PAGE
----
Food service industry jobs, such as waiting tables, working the bar, or washing dishes, are great jobs for funding adventure travel because full-time and part-time jobs can be picked up relatively easily, especially if your travels take you near resort destinations.
Another advantage of food service industry jobs, you can also work the job really hard for a short time, while stashing your hourly base and tips in your adventure travel nut until you can quit and travel some more.
If you work in the service industry as a waiter, server, or bartender in your home town, then you can carry those skills on the road and make money while you travel. You’ve probably got the requisite skills to walk into a restaurant in another town and land a job.
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If you’ve never worked in a restaurant before, but believe that this is your ticket to funding adventure travel, then here are some tips to help you get started in the industry.
Don’t Underestimate the Food Service Industry
Not everyone is cut out for the service industry. Being a waitress or bartender can be a very hectic job, requiring multitasking, hustle, and hours on your feet. The hours can be long and late, especially in restaurants with a bar.
On top of the job tasks, the other challenge involves customer service. You’ve got to be good with people (sometimes even the jerks), and always keeping your pleasant personality “on” while waiting tables can be exhausting.
To make sure that you can handle the service industry and that it makes sense as a means for making money while you travel, we suggest you grab a local job before you head out on your adventure.
Not only will this give you experience in the industry to help you land future jobs while you travel, but it will also help you dial in which parts of the service industry are the best fit for you and the money you want to make.
Finding a Local Food Service Job
Most restaurants want their servers to have previous experience, so network with friends to see if you can grab a job at a restaurant where they work.
Before hiring you as a server, some restaurants may want you to start by bussing tables, washing dishes, or hosting.
Take the first decent job that you’re offered, even if it isn’t exactly what you want. At the same time, keep looking for the type of job you do want. The few weeks or months you spend at the first job will make you a little more desirable to you next potential employer and also give you some relevant experience.
Some folks beginning in the service industry find their first waiter or bartender job at national chain restaurants, as they tend to have higher turnover of staff and formalized training programs for entry level servers.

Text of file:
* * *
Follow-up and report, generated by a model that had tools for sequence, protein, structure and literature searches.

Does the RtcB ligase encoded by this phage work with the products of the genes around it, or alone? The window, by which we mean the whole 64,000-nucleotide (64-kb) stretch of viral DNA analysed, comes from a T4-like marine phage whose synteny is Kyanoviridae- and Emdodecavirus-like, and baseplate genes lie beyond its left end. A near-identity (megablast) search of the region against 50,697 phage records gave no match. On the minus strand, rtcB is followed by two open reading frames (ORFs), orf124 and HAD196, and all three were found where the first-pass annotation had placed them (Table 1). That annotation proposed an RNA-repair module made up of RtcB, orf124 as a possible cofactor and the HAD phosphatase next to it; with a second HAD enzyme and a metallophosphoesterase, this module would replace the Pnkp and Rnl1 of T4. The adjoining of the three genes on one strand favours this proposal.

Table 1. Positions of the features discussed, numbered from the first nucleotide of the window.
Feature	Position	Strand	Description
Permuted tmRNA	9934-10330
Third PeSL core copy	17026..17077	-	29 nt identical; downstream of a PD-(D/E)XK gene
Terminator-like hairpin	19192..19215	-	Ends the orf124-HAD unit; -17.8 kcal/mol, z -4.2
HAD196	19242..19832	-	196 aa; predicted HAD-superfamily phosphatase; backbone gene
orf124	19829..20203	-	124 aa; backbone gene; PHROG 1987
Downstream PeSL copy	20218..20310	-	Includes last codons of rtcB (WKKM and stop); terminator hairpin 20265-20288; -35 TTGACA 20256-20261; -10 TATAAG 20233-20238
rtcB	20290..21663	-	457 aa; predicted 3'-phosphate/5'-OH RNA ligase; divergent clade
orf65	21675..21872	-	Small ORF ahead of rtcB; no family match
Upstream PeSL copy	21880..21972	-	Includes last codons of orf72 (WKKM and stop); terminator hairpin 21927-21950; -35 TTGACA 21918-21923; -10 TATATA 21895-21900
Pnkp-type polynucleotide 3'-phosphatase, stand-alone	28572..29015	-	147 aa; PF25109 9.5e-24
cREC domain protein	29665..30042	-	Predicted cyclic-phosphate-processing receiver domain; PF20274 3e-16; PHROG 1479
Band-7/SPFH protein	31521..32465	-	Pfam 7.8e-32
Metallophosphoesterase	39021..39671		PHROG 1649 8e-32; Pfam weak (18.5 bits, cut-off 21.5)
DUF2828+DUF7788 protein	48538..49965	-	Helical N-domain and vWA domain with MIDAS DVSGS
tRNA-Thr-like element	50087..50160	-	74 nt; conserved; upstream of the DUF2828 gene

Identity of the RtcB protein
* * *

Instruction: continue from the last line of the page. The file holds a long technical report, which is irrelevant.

Supplement Your Income to Save Money for Travels
If you have a job now, I’m not suggesting you quit your current job to start waiting tables.
Many people wait tables or bartend as a second job because of the potential to make some good money in a couple nights, especially if you can land the coveted but often highly competitive Friday and Saturday shifts.
Working evenings or weekends as a server will allow you to bank some extra cash in the travel nut, which will help when traveling if work is scarce or unexpected expenses arise.
Finding Food Service and Restaurant Jobs Abroad
The great thing about having restaurant server skills and your desire to travel is that every town and every country has restaurants. Bars, bistros, restaurants, hotels, cafes, etc. need servers to serve customers.
If you are traveling within the US and are a US citizen, then finding a job will require a similar approach as looking for one at home. Network with local friends, if you have any. Hit the internet job boards. Look for help wanted signs in windows.
If you are traveling abroad, you may need to get a working holiday visa to legally work in some countries. However, some restaurants and cafes will allow you work without any documentation and get paid under the table..
These jobs can be hard to find because they likely will not be advertised.
If you’re trying to fund such an arrangement, we suggest asking hostel managers if they know of any businesses that hire travelers under the table. Also, ask other travelers that you meet if they know of any such restaurants, and keep an eye out for restaurants that have Americans or other foreign nationals waiting tables or working in the kitchen.
While working under the table is illegal, it is common for transient travelers to grab a job or a few weeks or months here and there to keep their travels rolling.
Got a tip that will help someone work in the food service industry to make money and travel? Leave a comment to share.